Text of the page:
I recently ventured to Portland, Oregon for the annual SPSP conference. Before I start, I just want to put a disclaimer on this. I had what appears to be a very different experience to other people at SPSP than what can be found along the grapevine of academic conversation. I’m sure if you asked Anna who was also there to write something with the same heading as this it would look completely different. I think this is good. It just goes to show that conferences can be different for everyone. It goes to show that you can be someone with high introversion and low ability to socialise and still have a good time, and not be scared off the whole conference thing altogether. To be completely honest, I had no idea there were over 4,000 people in attendance. There were many things I learned, here is a few of them.
- It is never as scary as you think it will be. But imposter syndrome is real, and as people told me the other day it never goes away. I think this means as a career we need to have a chat about the environment we exist in, but no one seems to like systemic change so I guess for now we are learning to deal with the fact you will always be worried that someone will come up and tap you on the shoulder and tell you that your undergrad degree was given to you accidentally and that you don’t belong in a graduate program.
- Go to the preconference (if you can). It was an easy way to get into the swing of a conference, especially as I had been travelling for the two weeks prior. There were also less people at the preconference so it was easy to move around and not be terrified by the sheer amount of people.
- Don’t go to SPSP without a friend. This is more of a SPSP specific one. But probably the main thing I learned. I would advise not to go to alone. If you make friends easily it may be okay. But the amount of people at SPSP doesn’t make it easy for people to mingle. I actually really only talked to two people properly at the entire conference. One was a girl who sat next to me on the first day, and the other was one of my supervisors. But even just knowing that someone with a familiar face was there was calming.
- Say yes to things even if you don’t want to; but learn the difference between detrimental anxiety and when you can tell anxiety to shut up for five minutes while you leave the hotel.
- Leaving the hotel is sometimes the hardest part. Especially in winter when you’re Australian and used to it being 30 degrees in February and not -2.
- Go with the flow, have no expectations, prepare for plans to change. This is also a main one. Plan, but not too much.
- Don’t feel guilty for not doing everything. See above dot point, planning too much leaves no room for spontaneous adventures in foreign cities, or naps.
- Know your limits. A strong theme through the posts I write about conferences is that we need to know our limits. Conferences are not a normal environment. Know when you have hit a wall and know that it is okay to hit said wall. The Friday of the conference I was there from 8-12, and then I left. It was the best thing ever.
- I like social psych more than I thought I did. Fun fact I hated social psychology even when we were planning my thesis. I have worked out that I don’t hate social psychology, I just only like a certain few topics and theories in it. Which is super handy when you’re at a conference and don’t feel the need to go to everything.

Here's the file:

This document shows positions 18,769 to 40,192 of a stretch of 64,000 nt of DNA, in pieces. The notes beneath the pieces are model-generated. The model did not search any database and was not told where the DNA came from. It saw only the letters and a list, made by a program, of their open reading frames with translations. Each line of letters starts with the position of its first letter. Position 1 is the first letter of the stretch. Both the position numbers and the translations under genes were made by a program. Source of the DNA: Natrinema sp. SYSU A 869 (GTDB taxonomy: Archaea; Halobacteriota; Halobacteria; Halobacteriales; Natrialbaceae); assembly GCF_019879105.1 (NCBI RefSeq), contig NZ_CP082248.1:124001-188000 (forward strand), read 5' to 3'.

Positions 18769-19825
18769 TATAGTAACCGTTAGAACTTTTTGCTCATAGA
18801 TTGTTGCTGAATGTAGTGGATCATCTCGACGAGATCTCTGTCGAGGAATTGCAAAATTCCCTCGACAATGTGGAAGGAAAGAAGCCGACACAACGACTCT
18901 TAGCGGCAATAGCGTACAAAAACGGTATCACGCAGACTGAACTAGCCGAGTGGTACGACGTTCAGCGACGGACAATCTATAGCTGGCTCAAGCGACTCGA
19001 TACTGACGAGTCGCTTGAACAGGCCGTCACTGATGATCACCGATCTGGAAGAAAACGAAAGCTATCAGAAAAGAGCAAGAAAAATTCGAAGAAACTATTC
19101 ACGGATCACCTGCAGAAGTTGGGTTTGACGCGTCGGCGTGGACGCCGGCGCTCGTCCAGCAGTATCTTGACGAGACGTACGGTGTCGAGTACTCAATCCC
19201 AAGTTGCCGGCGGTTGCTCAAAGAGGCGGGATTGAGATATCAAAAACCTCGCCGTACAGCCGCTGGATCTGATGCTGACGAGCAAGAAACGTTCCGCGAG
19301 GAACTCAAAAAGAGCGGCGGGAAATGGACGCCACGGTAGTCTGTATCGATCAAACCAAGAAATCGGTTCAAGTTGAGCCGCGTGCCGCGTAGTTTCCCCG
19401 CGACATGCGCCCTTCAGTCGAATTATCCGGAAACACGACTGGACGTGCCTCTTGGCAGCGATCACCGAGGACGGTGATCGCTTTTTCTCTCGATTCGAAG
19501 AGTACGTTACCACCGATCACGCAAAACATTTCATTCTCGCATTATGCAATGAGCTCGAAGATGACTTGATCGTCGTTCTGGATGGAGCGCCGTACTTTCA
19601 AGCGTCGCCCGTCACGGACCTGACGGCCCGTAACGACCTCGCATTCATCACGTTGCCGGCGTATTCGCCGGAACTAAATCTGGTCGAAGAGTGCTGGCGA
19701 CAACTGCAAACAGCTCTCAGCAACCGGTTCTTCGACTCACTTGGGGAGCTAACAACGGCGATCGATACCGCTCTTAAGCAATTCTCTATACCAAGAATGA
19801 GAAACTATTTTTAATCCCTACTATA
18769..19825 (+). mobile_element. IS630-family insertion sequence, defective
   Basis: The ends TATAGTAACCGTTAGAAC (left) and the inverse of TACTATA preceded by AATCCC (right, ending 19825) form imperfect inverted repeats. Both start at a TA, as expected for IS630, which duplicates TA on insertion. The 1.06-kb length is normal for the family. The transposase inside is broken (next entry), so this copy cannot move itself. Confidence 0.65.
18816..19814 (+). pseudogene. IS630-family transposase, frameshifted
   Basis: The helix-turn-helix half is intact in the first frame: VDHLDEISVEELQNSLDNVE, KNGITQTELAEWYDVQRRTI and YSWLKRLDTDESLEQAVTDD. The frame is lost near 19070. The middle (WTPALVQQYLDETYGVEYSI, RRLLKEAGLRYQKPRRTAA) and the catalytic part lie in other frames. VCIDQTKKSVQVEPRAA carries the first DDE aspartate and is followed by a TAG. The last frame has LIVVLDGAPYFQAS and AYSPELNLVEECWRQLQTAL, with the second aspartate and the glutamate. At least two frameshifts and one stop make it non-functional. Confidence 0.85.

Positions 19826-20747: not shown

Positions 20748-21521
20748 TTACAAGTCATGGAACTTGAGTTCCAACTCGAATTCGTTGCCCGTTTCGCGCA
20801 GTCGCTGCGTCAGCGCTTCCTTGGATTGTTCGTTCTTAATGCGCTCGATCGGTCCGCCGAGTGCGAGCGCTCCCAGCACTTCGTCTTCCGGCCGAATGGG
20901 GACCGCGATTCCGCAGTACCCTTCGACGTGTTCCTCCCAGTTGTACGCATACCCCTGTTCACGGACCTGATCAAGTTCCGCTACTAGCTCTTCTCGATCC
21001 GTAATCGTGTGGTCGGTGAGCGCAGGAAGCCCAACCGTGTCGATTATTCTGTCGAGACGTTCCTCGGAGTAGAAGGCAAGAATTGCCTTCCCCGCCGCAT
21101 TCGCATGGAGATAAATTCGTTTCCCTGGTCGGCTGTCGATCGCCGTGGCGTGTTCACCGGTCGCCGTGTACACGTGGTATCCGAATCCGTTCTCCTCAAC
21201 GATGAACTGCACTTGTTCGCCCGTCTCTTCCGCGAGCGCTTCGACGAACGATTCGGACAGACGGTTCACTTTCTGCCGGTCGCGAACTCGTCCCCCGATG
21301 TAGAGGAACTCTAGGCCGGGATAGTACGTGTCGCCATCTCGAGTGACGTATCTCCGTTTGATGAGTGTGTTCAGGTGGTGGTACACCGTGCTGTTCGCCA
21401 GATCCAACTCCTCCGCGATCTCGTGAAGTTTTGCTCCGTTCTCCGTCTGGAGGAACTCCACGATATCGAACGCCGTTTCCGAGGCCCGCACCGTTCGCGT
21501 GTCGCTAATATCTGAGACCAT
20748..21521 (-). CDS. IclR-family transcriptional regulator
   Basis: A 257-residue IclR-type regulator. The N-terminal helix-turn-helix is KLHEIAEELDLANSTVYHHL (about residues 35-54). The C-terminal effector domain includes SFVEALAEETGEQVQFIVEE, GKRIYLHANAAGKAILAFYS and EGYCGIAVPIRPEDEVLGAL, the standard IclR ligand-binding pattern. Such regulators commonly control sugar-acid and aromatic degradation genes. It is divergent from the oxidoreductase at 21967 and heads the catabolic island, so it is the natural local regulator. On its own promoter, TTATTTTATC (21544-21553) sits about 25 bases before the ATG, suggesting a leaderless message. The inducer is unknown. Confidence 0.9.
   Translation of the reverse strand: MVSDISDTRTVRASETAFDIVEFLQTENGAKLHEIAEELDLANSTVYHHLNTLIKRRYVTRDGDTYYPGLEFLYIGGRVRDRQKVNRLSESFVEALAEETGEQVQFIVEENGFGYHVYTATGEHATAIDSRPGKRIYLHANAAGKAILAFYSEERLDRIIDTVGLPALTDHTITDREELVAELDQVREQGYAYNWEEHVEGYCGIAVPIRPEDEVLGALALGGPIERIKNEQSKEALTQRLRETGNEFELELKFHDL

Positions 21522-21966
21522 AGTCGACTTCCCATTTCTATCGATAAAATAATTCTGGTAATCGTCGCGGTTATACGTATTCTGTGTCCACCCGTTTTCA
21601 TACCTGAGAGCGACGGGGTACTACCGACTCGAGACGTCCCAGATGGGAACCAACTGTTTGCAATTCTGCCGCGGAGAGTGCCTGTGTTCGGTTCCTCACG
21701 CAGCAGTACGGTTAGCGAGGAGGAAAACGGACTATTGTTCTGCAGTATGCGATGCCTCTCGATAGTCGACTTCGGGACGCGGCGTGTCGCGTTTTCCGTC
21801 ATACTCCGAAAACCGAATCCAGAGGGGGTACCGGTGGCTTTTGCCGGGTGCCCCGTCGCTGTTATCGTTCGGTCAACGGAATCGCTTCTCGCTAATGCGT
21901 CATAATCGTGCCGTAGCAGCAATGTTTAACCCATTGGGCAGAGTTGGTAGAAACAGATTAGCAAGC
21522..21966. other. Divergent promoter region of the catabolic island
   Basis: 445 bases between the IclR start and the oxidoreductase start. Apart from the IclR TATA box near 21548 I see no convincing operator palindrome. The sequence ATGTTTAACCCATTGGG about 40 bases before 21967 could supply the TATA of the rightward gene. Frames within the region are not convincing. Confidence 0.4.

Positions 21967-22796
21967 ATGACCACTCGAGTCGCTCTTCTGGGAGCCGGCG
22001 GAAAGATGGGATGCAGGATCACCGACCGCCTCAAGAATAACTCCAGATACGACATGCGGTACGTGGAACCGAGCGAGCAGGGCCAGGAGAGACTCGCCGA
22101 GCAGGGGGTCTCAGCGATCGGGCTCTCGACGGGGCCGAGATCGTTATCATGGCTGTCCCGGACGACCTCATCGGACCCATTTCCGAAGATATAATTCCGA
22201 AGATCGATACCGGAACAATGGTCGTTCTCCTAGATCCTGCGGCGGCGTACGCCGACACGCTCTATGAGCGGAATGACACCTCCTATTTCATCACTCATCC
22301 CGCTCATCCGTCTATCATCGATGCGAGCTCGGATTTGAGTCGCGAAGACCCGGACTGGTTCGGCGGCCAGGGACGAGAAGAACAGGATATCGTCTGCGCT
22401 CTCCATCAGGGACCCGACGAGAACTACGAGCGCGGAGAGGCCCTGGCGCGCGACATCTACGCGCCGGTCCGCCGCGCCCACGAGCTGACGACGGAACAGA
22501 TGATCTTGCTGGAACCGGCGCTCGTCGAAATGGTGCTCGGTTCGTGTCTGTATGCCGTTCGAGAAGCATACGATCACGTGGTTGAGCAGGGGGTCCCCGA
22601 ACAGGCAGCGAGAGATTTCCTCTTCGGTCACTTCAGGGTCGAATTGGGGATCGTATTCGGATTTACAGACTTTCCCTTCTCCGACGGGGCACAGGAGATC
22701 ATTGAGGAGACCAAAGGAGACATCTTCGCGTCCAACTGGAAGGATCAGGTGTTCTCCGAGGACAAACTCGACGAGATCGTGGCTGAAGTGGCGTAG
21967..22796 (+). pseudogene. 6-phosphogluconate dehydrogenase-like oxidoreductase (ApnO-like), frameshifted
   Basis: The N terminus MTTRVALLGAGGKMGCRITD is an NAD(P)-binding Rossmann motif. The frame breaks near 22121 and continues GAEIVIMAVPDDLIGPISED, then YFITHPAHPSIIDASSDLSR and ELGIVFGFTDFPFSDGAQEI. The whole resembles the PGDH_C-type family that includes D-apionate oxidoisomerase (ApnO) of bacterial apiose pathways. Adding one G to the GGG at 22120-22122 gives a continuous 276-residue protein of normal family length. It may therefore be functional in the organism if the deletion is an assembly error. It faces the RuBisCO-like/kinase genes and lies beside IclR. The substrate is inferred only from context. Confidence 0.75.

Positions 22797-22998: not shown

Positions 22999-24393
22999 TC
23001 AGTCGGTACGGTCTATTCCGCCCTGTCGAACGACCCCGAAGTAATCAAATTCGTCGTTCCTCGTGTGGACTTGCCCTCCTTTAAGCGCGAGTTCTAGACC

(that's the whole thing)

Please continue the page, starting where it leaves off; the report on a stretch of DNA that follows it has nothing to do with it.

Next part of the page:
- People do cool research, most of it I wouldn’t like to do. But cool for others to do.
- PowerPoint slides matter. I think one of the main things I get out of conferences is how to create my own PowerPoint slides so that they aren’t offensive to the eyes.
- There is something scary about being in a room filled with a bunch of grad students who are probably more educated than you are (America’s grad school system is more intense than ours), but there is also something nice about it. Solidarity. If you will.
- Seeing other people do research in adjacent topics to you can make you feel justified in your own topics. I have this (probably common) view of my research that it doesn’t matter. This probably stems from the people who have asked why bother researching vegans. To which I now have a well-rehearsed spiel about why animal agriculture is killing the planet. There’s another lesson; have a quick pitch about what you research and why you do it. It will make you feel better.
- You know more than you think you know. I went to a workshop and it was a great lesson in knowing that all the times I had wanted to smash my computer against a wall using R have paid off.
- I remember why I like conferences. I love learning, regardless of what it is. When asking about conferences you get a mixed range of opinions. I think the only way to know if you like them or not is to go to them and see for yourself. Everyone has different experiences, and no one can talk for anyone else.
The main question I have gotten from people is if I would go back to SPSP and yeah, I would. Only though if it was held in a place that I really wanted to go. The trip from Australia to America is brutal, and conferences are exhausting no matter if you like them or not. Overall, I’m glad I went. Being a random face in the crowd is something I like, and if you also like being faced with thousands of other people in the same situation as you then I would recommend going too.